Wind Farm Remorse

Wind Farm Remorse2016 Huron County Michigan Looks for Ways to Cap Growth of Wind Energy Development

Life here is ‘living nightmare’

This was the headline that greeted Huron Daily Tribune news readers in early March 2016. Residents are becoming dismayed over the number and effect that 100’s of wind turbines have had in the tip of the Thumb. This has caused residents to voice increasing concerns about the 328 turbines now in place. Margo Barry who lives in Oliver Township noted that “… pristine farm fields are gone, and in place is a blight of huge white towers and spinning blades, and our quality of life has been taken away, replaced with a pollution of never-ending noise, shadow flicker, red blinking lights and health issues for many.”

Beyond the aesthetics, there are new safety concerns. In February a 160-foot, 7-ton wind turbine blade broke during high winds, leaving it dangling and wrapped around the tower. A few days later a 425-foot turbine collapsed in Oliver Township during a snowstorm. The owner, Exelon Wind Generation noted it was only the second failure of this kind of turbine over a total global installed base of 7,000 units. The 485,000-pound turbine fell while in an idle state in the early morning hours of February 25th, no one was injured.

Development continues of adding up to 140 turbines in the county over the next 18 months. An attorney representing Huron County has begun the investigation of limiting the number of turbines. As a result, three Sanilac County townships recently approved a moratorium or rejected wind energy ordinances. A fourth, Bridgehampton Township, is exploring a moratorium.

Current Wind Energy Projects Planned in 2016
30 turbines in Winsor and McKinley townships
72 turbines in Dwight, Lincoln and Huron townships.
10 turbines in Rubicon Township
30 turbines in Oliver, Chandler and Colfax townships.  

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11 Responses

  1. Wow. That’s terrible. All that power for other people. Limits must be set. I hope that the people of Huron County stand together to stop the madness. Thank you for the update. Dan

    • Dawn Davis says:

      I’m afraid you are uninformed. Industrial wind sites do not produce a lot of energy and none that is needed. In reality, the sites are only producing, probably 30% of what you were promised before they turned on. That 30% is not needed and is always backed up with coal/gas running in the background…that it, until all the coal plants are shuttered. I hope you look forward to electricity rates that skyrocket up to 3-4 x the current rates because that is what is coming. Don’t believe it? Look at what has happened overseas in Germany, Denmark, etc. Here in the USA, the states with the most wind energy pays the highest rates, too. This is a scam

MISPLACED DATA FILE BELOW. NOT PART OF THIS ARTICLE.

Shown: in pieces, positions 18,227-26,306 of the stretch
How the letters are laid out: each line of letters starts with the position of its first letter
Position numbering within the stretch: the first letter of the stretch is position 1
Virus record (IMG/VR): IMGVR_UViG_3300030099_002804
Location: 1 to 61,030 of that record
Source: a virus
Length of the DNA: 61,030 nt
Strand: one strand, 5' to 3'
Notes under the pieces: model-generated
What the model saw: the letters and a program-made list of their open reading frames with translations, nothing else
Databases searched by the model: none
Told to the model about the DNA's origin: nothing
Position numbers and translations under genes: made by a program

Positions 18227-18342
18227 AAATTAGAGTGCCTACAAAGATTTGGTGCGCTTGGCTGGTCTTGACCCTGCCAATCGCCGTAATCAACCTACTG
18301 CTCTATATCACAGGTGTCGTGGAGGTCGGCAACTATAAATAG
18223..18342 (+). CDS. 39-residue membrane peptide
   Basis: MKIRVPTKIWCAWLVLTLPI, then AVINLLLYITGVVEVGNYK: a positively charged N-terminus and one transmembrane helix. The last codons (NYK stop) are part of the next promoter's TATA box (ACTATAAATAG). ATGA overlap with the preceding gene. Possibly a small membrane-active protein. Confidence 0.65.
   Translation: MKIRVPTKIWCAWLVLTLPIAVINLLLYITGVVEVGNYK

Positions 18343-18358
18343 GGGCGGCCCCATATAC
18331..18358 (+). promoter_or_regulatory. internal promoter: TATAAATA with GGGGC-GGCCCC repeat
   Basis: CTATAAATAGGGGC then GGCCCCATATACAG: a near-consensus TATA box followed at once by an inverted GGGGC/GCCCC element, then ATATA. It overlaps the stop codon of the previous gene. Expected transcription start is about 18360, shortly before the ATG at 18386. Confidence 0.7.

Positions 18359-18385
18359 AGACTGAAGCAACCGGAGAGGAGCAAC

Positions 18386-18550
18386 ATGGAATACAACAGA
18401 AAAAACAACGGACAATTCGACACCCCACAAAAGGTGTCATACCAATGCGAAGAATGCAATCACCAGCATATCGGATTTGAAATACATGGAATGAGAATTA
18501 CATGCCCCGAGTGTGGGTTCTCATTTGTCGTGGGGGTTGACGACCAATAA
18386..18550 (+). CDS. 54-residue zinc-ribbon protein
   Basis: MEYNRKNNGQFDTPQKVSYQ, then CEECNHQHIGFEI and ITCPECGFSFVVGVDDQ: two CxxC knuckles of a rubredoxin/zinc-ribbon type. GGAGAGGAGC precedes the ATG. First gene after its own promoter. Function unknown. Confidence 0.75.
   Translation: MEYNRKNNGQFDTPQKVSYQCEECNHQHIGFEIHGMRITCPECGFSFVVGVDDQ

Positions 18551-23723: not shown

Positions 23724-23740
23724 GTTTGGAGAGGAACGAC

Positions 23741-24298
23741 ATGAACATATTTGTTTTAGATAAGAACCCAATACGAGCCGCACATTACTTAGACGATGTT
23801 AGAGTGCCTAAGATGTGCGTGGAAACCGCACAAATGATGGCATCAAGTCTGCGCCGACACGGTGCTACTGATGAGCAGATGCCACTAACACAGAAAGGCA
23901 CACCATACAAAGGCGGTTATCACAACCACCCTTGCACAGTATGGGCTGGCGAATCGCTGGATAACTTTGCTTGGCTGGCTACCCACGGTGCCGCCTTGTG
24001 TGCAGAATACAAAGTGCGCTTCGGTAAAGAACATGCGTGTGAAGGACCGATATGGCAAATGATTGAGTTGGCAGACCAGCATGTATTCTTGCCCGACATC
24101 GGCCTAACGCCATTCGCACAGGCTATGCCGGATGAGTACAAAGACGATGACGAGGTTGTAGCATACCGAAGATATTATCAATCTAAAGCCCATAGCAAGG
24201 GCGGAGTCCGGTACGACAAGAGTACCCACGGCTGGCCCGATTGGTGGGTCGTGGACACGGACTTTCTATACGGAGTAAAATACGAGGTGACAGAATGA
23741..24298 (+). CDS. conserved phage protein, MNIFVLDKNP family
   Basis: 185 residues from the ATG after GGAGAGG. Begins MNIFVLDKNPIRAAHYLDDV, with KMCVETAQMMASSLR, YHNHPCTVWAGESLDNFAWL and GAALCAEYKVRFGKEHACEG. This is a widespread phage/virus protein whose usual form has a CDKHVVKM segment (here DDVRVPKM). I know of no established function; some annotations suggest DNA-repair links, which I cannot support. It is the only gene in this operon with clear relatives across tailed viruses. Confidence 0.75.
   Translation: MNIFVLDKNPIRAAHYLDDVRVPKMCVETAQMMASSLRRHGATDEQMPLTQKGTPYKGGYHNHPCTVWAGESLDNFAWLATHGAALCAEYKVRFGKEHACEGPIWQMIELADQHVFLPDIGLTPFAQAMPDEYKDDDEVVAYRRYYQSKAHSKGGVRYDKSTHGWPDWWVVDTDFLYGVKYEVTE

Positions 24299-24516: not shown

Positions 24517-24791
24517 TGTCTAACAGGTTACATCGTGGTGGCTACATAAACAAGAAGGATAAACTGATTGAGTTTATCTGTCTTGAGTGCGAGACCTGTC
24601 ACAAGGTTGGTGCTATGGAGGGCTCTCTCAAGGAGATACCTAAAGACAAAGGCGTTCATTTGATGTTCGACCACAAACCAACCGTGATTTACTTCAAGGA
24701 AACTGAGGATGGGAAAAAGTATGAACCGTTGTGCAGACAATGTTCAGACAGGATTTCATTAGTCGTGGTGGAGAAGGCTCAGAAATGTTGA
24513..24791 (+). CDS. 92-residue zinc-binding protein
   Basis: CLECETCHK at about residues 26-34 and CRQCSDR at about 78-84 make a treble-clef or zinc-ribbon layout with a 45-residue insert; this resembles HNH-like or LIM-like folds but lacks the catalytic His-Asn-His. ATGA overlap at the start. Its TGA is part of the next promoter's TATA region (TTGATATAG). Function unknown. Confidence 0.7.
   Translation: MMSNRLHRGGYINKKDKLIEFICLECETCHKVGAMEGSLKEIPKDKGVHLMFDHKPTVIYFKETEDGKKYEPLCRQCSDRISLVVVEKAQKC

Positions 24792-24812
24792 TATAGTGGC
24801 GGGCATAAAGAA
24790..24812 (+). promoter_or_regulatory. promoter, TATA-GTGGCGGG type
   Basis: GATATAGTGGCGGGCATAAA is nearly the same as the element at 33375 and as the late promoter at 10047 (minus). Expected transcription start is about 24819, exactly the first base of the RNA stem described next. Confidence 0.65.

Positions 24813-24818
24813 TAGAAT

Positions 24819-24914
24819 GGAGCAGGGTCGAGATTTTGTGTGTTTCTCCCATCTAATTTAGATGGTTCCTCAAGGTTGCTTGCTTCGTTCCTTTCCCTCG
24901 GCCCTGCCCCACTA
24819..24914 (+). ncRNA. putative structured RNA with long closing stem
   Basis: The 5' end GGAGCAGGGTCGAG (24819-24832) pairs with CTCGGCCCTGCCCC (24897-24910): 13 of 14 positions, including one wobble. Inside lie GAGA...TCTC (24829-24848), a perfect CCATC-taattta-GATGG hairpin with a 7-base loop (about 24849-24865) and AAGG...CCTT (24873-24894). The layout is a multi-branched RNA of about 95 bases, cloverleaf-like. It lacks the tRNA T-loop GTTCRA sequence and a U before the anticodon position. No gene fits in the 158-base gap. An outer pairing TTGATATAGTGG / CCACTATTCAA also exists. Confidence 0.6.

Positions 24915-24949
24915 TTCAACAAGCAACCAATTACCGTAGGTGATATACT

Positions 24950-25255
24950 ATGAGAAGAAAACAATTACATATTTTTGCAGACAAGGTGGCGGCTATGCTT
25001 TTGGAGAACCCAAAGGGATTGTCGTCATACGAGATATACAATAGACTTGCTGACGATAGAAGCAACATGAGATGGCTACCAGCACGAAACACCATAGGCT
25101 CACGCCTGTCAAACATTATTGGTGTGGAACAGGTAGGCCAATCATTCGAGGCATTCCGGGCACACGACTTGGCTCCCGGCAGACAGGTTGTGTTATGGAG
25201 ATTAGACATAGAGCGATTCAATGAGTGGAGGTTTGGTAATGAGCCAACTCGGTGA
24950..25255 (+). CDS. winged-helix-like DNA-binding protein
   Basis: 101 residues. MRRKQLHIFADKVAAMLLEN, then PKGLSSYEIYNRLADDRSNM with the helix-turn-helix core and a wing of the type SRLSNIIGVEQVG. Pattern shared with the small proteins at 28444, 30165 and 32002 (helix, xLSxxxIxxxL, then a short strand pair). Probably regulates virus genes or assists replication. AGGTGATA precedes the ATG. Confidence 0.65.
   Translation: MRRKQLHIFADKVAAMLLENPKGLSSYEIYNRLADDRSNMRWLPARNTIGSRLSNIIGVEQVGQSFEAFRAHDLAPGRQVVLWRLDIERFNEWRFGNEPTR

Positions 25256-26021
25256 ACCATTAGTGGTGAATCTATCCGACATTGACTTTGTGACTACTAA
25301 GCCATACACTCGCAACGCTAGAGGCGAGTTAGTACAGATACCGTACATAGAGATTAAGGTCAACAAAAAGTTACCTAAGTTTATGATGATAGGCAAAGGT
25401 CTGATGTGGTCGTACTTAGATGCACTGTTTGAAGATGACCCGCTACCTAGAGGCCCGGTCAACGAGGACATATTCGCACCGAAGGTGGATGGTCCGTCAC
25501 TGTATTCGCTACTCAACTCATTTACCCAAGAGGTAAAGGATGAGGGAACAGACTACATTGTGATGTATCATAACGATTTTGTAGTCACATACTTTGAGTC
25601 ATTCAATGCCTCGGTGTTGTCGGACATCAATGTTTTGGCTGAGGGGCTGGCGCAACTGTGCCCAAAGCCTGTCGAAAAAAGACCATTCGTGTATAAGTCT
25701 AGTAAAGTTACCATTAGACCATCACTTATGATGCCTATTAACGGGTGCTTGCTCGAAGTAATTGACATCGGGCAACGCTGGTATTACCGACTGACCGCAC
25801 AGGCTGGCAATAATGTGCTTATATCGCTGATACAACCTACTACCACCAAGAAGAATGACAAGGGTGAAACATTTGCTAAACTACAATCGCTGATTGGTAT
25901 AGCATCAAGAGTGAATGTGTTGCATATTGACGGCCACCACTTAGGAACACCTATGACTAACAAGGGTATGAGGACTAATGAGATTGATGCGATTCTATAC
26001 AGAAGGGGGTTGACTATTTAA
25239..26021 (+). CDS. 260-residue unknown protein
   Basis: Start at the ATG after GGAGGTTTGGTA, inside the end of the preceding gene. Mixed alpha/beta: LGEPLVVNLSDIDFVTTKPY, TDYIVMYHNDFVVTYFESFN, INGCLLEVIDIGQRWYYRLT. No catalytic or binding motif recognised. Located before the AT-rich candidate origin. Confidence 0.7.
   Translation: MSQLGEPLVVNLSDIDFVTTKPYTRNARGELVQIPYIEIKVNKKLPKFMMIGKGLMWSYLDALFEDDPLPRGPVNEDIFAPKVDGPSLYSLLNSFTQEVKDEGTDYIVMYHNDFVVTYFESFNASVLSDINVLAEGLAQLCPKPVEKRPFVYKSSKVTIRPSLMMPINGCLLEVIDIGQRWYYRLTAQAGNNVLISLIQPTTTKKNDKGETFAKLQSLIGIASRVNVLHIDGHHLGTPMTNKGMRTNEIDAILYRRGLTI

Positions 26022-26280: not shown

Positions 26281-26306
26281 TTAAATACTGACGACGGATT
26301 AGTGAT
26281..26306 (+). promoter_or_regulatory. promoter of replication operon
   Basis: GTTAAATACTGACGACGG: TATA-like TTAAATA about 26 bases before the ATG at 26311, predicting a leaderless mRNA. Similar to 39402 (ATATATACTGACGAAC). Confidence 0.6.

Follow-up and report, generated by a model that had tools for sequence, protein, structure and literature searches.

• ThumbWind says:

        Hi Dawn, First thanks for the comment. Where can we look at some references to support your claim? I think the tenor of the article was that residents are looking to limit further growth in turbine construction. Also I question your assertion that its not needed. Once generated and “on the grid” energy is available within that power grid infrastructure regardless of source. Thanks for stopping by.

      • Hello Dawn. I think you have maybe miss read what I was saying. I said that its terrible. We must stand together on limiting the amounts that get erected. I agree with your stand point on the issues you mentioned. I will try be more clear in the future to avoid any further miss understandings. Dan

  2. Jeanne Henry says:

    Initially, I thought wind energy would be great here in the Thumb. But I soon learned first-hand the utility “suits” we’re lying about the process of gaining land access. At public meetings they were dismissive & impatient with us rural “rubes” who questioned their ethics. Now we’re truly an industrial zone by day and our starry skies are blighted with 100s of blinking FAA red lights. Meanwhile we suffer more sustained power outages, surges & appliance damage. We’re not happy.

  3. lucy says:

    All people do is complain. You complain when there is no work and to bring new jobs. New jobs come to the area and you complain about rhat too. You will never be pleased, so grow with the new style of jobs that someday your children may be working and feeding your grandchildren by.

  4. s/v sionna says:

    The residents would, perhaps, prefer a nice quiet nuclear plant in their back yards?

  5. nobama666 says:

    Studies have shown that these monstrosities useful lives are only half of what they claim. 12 years

  6. barrrf says:

    LOL – “Pristine Farmland”. Ahhhh yes, the beauty of miles of corn and soy and hay. WHY WOULD WE EVER WANT TO RUIN THAT?!?!

    Please cut it out already. Farm land is about the most boring thing ever to look at. IF energy companies were sprouting turbines up on top of waterfalls or in front of Mount Rushmore, then maybe file a complaint.

    I dont get it. Everyone wants clean energy unless they can see it. Those farmers are getting paid to have those turbines there. Ask them what they think about those turbines being on their land.

  7. Bela says:

    Barrf, if these non-participating residents were just “seeing clean energy” that would be one thing. However, because of wind developer’s lack of concern for proper setbacks from adjacent property lines, these residents are FEELING the impact of being too close to 600′ industrial machinery 24/7. Until you’ve actually lived in proximity to these machines, your comments have little merit.

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